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A talk with Isabellea Icoz —Independent Art Curator & Adviser

You are an expert on both the local and the international art market. How would you evalu-ate the rise of Turkish contemporary art scene in the past decade?
There are many varied statistics out there, but taking a conservative estimate, over the past de cade, and mainly within the past five years, the domestic Turkish art market has grown more than five-fold with annual sales surpassing 100 Million USD and auction prices increasing by over 350%. Contemporary Turkish art still constitutes a relatively small part of this total, but over the past few years this has increasingly changed as international auction houses, notably Sotheby's (London) and Christie's (Dubai) have taken an interest in the Turkish art market and Turkish galleries have started participating at international art fairs with their artists entering museum collections and Bienni-als. This has triggered international interest in a market that prior to 2008 had little exposure to international collectors and buyers.

How would you define the new art scene in Turkey?

Compared to art markets in the Middle East and India, the Turkish art market is more developed, with a solid infra-structure and grass-roots movement to support the growing art scene and art market. One of the characteristics of the Turkish art scene is the strong corporate and private patronage of the arts. Many of the leading art institutions in Istanbul are supported by banks and corporations.

Turkish art has a growing international appeal - how would you comment on that?
In the past few years we have been seeing the coming of age of a new generation of Turkish contemporary artists, producing a body of challenging, politically positioned work that is of an international level and quality. Turkish art offers international collectors something fresh and largely untainted by the recent hype and spec-ulation damaging other markets such as China and India. Prices are still reasonable in relative terms to Arab & Iranian, Indian and Chinese art. The artistic potential is phenomenal. The local art scene has experienced a boom in new art institutions since 2004, from galleries, alternative and artist run spaces, privately funded museums and art centers, to art fairs and auctions. The younger generations of artists are pushing the boundaries with various media - photography, video and sculpture are becoming increasingly established. Turkish art contains a strong sobo-political message. Artists respond to the government, the military, the PKK, delayed democratization, human rights violations, gay and women's rights or the disparity in levels of wealth. Not all subjects are centered on domestic issues though - globalization, Turkey's position in the world and the EEC are all taking centre stage. Interestingly, the work does not immediately strike one as being Turkish. The issues mentioned are local issues, but many resonate with the people of all countries hence the international appeal. Turkish Contemporary art transcends borders both East and West. Istanbul with its vast energy is becoming a modern European metropolis. What do you think are the highlights of the city in terms of arts and culture? From a Contemporary Art perspective, I always encourage foreign visitors to see Arter, SALT, and visit the local galleries in the Beyoglu, Tophane, Karakoy and Akaretler areas.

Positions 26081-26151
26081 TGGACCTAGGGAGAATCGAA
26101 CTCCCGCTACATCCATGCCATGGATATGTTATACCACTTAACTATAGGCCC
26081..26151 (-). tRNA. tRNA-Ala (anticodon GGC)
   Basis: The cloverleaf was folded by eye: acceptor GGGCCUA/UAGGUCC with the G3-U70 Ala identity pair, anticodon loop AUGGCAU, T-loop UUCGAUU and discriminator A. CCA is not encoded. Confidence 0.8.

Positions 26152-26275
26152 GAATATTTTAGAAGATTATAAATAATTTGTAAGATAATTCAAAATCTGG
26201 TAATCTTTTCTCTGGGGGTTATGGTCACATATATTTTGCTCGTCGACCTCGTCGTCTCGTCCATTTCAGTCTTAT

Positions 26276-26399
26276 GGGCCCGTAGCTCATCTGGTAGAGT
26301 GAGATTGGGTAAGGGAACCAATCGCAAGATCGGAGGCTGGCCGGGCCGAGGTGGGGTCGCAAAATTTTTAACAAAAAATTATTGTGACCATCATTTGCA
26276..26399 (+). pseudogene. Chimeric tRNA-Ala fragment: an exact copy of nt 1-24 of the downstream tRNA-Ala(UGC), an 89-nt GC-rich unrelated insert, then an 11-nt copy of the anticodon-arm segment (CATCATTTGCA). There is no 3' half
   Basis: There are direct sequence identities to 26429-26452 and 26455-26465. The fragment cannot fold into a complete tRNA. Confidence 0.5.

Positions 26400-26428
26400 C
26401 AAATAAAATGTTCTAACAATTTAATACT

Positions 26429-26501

What do you think has been the key factors which contrib-uted to the rise of the city as a cultural capital?
Turkey is very strategically located; it is a bridge between Europe and the Middle East in every sense. It has a rich culture and history and in many ways Istanbul has adopted a European outlook, yet kept its Middle Eastern customs. Turkey is unlike any of the countries it surrounds and this uniqueness is what attracts visitors from around the world. Istanbul fuses East with West while preserving a strong sense of `Turkishness.' It is breathtakingly beautiful. Mosques stand side by side with hip bars and restaurants, old style Nall's' (houses) along the Bosporus juxtaposed with skyscrapers giving views similar to the Manhattan skyline, Istanbul is the perfect mix of old and new. It's an intensely dynamic and constantly evolving city in all aspects of life. To fully appreciate all that Istanbul has to offer, one must constantly be on their toes.

Again to give a glimpse of Turkish contempo-rary art scene - would you comment on the names of the local artists who made or have the potential to make a difference?
There are so many wonderfully talented contemporary Turkish artists, I will be including two in a group show later this year, Mehmet Ali Uysal and Gozde Ilkin, so they are naturally the first two that come to mind!

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